Lead has been in the news a lot recently; you’d have to be hiding under a rock to not know about the current environmental tragedy happening in Flint, Michigan, where toxic levels of lead have been found in the municipal water supply.
Although lead as many practical uses, it’s probably just as famous as being extremely poisonous. Similarly, manganese, which unlike lead actually has an essential role in normal physiology, is also toxic when present at high levels. In an upcoming special issue on the neurotoxicity of lead, manganese and mercury in Ferrumblogger’s favourite journal Metallomics (you can access the article for free here), we’ve just published findings from the Australian Imaging, Biomarkers and Lifestyle Flagship Study of Ageing, one of the world’s largest group of Alzheimer’s disease patients, looking at whether lead and manganese in blood can be used to predict the disease.
Measuring lead isn’t easy. It’s incredibly toxic even at low levels, and even with the most sensitive analytical techniques it’s hard to get accurate readings. AIBL has over 1,000 participants, and we measured lead and manganese in both serum and red blood cells in each individual. Using some nifty statistics from Dr Noel Faux, who works for IBM and is an ex-researcher (and honorary Fellow) at the Florey Institute, we were able to decipher the tiny levels of lead in serum to see if lead levels in blood were associated with either Alzheimer’s disease of a condition called ‘mild cognitive impairment’, or MCI, which is generally thought to be a possible prelude to AD. An interesting feature we found was that lead levels, independent of disease status, varied depending on where the samples were collected (AIBL has sites in Perth and Melbourne), and age, which isn’t entirely unexpected for an environmental toxin that a) both accumulates with age, and b) is found at different levels depending where in Australia you live. After correcting for these variables, we found that no relationship between disease status and lead levels was present in the 1,000 strong AIBL cohort (see the figure to the left).
Where things did change according to disease was the amount of manganese in serum. Here, manganese actually decreased in AD patients after correcting for variation between sex and collection site (see the figure on the right). As interesting as this is, the difference wasn’t really big enough to give us much confidence that we can use it in the future as some kind of marker of AD risk, particularly as MCI patients didn’t show a difference compared to healthy controls, suggesting that this change isn’t a gradual process.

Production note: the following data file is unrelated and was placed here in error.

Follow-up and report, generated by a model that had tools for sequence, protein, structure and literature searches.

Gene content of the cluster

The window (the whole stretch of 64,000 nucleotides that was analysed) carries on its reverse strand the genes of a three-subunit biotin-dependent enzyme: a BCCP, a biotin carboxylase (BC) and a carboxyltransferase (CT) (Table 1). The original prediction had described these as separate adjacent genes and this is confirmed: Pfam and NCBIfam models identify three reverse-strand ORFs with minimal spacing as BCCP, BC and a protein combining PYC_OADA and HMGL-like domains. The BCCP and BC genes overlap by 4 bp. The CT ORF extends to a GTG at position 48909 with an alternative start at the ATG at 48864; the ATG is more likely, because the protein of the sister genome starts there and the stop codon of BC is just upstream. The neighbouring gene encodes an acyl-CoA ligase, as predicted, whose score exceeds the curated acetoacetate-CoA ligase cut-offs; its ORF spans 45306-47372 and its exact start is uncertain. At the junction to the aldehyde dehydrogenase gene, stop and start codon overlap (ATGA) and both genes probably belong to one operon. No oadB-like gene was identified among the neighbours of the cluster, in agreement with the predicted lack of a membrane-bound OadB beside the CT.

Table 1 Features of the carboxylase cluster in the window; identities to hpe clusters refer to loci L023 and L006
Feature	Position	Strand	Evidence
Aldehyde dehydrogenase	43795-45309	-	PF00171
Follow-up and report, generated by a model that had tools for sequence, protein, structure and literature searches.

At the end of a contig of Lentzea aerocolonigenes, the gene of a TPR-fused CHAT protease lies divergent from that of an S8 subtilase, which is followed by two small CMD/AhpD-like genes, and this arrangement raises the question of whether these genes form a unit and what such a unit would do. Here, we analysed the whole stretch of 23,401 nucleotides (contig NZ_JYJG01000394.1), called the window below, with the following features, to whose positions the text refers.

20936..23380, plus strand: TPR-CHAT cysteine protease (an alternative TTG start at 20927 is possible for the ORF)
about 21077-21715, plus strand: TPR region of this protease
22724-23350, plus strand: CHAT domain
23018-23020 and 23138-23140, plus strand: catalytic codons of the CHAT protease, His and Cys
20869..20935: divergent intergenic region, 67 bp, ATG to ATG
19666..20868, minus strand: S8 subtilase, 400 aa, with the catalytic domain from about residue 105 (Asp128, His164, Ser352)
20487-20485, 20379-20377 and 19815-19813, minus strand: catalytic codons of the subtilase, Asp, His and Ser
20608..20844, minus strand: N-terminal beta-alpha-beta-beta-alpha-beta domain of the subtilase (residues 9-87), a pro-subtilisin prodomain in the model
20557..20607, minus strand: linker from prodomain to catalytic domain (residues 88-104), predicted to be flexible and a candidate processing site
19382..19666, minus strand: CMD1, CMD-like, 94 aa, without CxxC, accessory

In our search for a biomarker of AD that allows us to identify the disease is occurring long before symptoms become unmanageable, this fact tends to suggest that metal levels alone are not a useful tool for assessing AD risk. One of the other difficulties is interpreting levels of metals like lead in blood and relating it to the actual burden of the metal in the body. Over 90% of lead you’re exposed to is stored in your bones, where it is locked up and generally not toxic, but it is easily ‘remobilised’; that is, it can be released into the bloodstream and exert it’s toxic effects over a longer period of time. It’s estimated that circulating lead only provides a window of around 30 days, so using this approach for assessing the long term effects of lead toxicity might not have much use for studying chronic diseases like AD.
So, you might ask, why bother publishing negative data? It’s a question many scientists face, and something that can be very frustrating when scientific journals only want to print what they think are new and exciting discoveries. In many ways, reporting something that didn’t happen can be just as important, as it can help guide other scientists away from going down a particular road that can cost a lot of both time and money. Also, just looking at lead in blood doesn’t mean it’s not involved in AD, just that the information it provides might not be helpful in the long run.
For the people of Flint, the long term effects of their exposure to lead extend well beyond just risk of diseases like AD. Scientists will focus on the population of this beleaguered town for decades to come (rightfully so), and so should the policy makers that made the decisions that put them unwittingly in this position in the first place. Every piece of information about lead toxicity is more and more important to them now.